Legends are history that cannot (yet) be proved. Some are true, others less. They are all fun to tell. They are meant to answer essential questions such as: "when did Etienne actually leave, why, where from, was his bro with him then, what did they tell their mother they were going to do that afternoon, did they write often to their parents, did they send them presents for their birthdays, were they glad to be away from their sisters, did they take English in school (after they had to suffer through Spanish), did they pass on genes to their descendants that would make them come back to France every now and then, what is it like in Plauchéville?"
Louis Plauché, from Bâton Rouge, tells us
"The legend in my family is that the elder Plauché brother was followed by the younger some two years afterwards. If they are anything like the modern day Plauchés, they didn't write very often and were fairly unsentimental... perhaps I exaggerate.
There is first-hand evidence that the early Plauchés spoke French exclusively... My maternal grandfather (surnom Cox), was known to the Plauchés and others in Plauchéville as l'Américain as late as 1920. This was a source of some irritation to my mother, who spoke both English and French as a child, but managed to find the courage to buck the tide and marry a very French Plauché".
Fay (Plauché) Holmgren tells us
"Some time ago I met a distant cousin, Albert Laplace Dart, now deceased. Albert, a well known lawyer like his father before him, had been U.S. Consul in Istanbul during WWII. His father had done a professional genealogical search of the Dart and Plauché families. (Mary Plauché, granddaughter of Etienne Henry married a Dart long ago, making us ninth cousins best we could count.) The investigator said that there had been contact between the first Plauchés in Louisiana and their families in France, that there existed a mysterious box delivered by hand and from which the elder Plauchés dug into as a source of income. Also I believe that the sons of Etienne Henry attended the Sorbonne and may have known their grandparents from this experience."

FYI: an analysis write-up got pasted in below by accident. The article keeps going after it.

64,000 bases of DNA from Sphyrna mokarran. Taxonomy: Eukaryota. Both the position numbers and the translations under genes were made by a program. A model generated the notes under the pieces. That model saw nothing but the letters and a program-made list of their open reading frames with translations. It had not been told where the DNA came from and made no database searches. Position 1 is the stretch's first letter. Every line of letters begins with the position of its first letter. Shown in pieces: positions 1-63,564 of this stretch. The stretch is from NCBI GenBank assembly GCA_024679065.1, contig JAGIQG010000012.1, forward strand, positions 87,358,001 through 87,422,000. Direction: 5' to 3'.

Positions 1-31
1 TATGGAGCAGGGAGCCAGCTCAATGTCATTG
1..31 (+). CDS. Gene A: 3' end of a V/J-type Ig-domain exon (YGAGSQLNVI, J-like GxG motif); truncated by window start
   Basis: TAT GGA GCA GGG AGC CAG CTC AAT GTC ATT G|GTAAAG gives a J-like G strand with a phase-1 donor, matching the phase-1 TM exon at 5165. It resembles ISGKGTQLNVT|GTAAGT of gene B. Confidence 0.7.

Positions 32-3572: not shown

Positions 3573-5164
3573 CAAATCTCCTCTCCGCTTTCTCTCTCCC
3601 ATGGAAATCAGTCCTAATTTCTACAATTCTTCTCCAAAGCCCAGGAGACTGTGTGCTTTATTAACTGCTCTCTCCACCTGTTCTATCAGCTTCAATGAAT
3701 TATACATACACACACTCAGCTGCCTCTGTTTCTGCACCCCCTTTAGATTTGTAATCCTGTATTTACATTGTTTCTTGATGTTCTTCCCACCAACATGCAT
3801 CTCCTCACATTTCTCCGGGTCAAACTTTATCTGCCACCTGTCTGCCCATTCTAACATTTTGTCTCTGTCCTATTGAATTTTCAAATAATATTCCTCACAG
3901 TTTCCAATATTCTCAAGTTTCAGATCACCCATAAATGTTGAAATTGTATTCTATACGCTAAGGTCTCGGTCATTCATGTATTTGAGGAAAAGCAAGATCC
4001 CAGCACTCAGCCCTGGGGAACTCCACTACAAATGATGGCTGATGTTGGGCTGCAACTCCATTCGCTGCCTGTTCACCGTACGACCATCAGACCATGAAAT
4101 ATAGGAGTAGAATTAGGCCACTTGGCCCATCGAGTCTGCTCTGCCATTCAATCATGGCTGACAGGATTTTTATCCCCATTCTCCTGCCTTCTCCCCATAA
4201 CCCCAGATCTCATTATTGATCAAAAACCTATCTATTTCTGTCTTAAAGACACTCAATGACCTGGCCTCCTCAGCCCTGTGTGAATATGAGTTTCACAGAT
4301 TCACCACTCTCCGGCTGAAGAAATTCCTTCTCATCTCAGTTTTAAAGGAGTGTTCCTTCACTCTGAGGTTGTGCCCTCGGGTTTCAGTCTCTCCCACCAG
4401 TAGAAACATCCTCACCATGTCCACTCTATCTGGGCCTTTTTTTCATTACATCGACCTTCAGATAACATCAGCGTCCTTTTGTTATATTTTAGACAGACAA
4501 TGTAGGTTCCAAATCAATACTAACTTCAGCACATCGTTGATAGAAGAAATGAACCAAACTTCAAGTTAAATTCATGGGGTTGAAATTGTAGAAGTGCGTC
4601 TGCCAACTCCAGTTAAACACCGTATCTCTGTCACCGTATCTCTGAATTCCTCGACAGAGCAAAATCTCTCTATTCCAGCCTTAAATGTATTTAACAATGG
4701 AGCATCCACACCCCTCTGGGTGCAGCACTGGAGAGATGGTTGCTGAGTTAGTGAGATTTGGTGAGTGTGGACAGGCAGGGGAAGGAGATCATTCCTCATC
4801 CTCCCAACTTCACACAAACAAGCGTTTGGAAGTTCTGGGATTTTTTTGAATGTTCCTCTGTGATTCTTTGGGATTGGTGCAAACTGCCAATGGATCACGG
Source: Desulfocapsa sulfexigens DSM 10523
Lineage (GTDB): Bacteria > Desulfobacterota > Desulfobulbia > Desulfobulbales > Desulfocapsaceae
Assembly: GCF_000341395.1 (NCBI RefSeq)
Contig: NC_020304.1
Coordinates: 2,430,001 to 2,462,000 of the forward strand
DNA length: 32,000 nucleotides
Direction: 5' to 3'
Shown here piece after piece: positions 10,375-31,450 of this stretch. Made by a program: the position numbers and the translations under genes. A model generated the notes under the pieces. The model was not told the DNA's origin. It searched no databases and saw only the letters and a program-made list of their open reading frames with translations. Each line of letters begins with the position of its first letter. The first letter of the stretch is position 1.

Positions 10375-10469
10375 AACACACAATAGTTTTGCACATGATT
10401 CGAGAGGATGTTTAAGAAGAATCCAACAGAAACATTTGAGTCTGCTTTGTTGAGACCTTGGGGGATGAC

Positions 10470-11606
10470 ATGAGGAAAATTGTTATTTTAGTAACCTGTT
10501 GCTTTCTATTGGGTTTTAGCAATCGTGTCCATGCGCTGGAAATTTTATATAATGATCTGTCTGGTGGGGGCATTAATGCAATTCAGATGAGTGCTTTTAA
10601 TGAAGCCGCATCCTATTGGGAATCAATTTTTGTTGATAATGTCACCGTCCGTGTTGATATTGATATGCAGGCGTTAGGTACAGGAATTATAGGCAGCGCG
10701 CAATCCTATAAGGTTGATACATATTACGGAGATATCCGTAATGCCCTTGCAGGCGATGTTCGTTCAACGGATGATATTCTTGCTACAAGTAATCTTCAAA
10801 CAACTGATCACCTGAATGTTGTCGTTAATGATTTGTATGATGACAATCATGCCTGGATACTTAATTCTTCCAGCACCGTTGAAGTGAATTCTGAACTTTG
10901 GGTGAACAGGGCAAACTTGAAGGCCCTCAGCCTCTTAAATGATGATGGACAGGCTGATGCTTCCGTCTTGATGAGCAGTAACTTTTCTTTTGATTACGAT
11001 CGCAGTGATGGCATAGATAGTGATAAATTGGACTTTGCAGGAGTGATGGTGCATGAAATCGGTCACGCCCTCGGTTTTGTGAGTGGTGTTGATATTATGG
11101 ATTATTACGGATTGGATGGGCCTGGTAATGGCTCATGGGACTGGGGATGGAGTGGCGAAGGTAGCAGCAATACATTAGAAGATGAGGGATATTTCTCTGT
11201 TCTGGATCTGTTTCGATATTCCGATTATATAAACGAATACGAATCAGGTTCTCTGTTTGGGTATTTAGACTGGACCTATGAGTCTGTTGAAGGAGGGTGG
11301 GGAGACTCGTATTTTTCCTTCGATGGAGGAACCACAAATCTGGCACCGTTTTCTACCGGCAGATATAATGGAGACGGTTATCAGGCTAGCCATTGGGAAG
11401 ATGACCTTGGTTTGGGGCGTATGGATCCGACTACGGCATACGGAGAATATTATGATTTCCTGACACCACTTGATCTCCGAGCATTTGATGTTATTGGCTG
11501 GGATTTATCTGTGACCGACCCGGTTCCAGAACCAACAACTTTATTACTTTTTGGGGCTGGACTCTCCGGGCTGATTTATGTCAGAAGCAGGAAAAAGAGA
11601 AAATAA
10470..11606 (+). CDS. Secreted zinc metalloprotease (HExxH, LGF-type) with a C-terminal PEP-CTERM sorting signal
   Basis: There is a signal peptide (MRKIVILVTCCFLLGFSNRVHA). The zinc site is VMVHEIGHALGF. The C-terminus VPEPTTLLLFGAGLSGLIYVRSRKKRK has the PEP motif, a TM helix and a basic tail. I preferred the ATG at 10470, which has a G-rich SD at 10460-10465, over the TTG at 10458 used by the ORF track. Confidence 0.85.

Andy Plauché , from Lake Charles, tells us
"Plauchéville and Cottonport were rival towns in many many ways throughout their histories. Geographical jealousies abounded and one town was always getting one up on the other town. Plauchéville suffered a real blow when the Railroad decided to go thru Cottonport rather than Plauchéville. The fact that Cottonport had the railroad station was lorded over Plauchéville and the arguments between the towns spread to the baseball teams each town had. All summer long, the rivalry between the towns would spill over to the ballpark. Toward the end of the season, the teams had records that were almost even so there was one more game to be played to decide once and for all which town had the best baseball team. Plauchéville sent its team to Cottonport to win the final game and to salvage some civic pride by being able to say, "so what about the train, we have the best baseball team."
The game was hard fought and in the bottom of the 9th, Plauchéville had a one run lead and two outs. Cottonport had one man on base on one man at bat. The Cottonport batter had two strikes. One more strike and Plauchéville would win the game and the pride of the cities. Right then, the Plauchéville pitcher threw the ball and the Cottonport batter hit a fly ball. It was an easy out to the Plauchéville centerfielder. All the Plauchéville fans thought, "this is it...we win..."
All of a sudden, however, a train went by just past the outfield fence and it blew its whistle and the entire Plauchéville team including the centerfielder turned to view the train. The ball dropped harmlessly to the ground and two runs scored and Cottonport won the game. Plauchéville, it turns out, lost the game on which so much civic pride was resting. Now Cottonport had the train station and the best baseball team.
Most hearers of this story, think that this is the end and that all the Plauchéville players and fans went home sad, but the truth is different. The Plauchéville fans and players actually went home happy: despite losing the most important game of the year to the hated rival Cottonport, all was not lost: They had gotten to see a train!"
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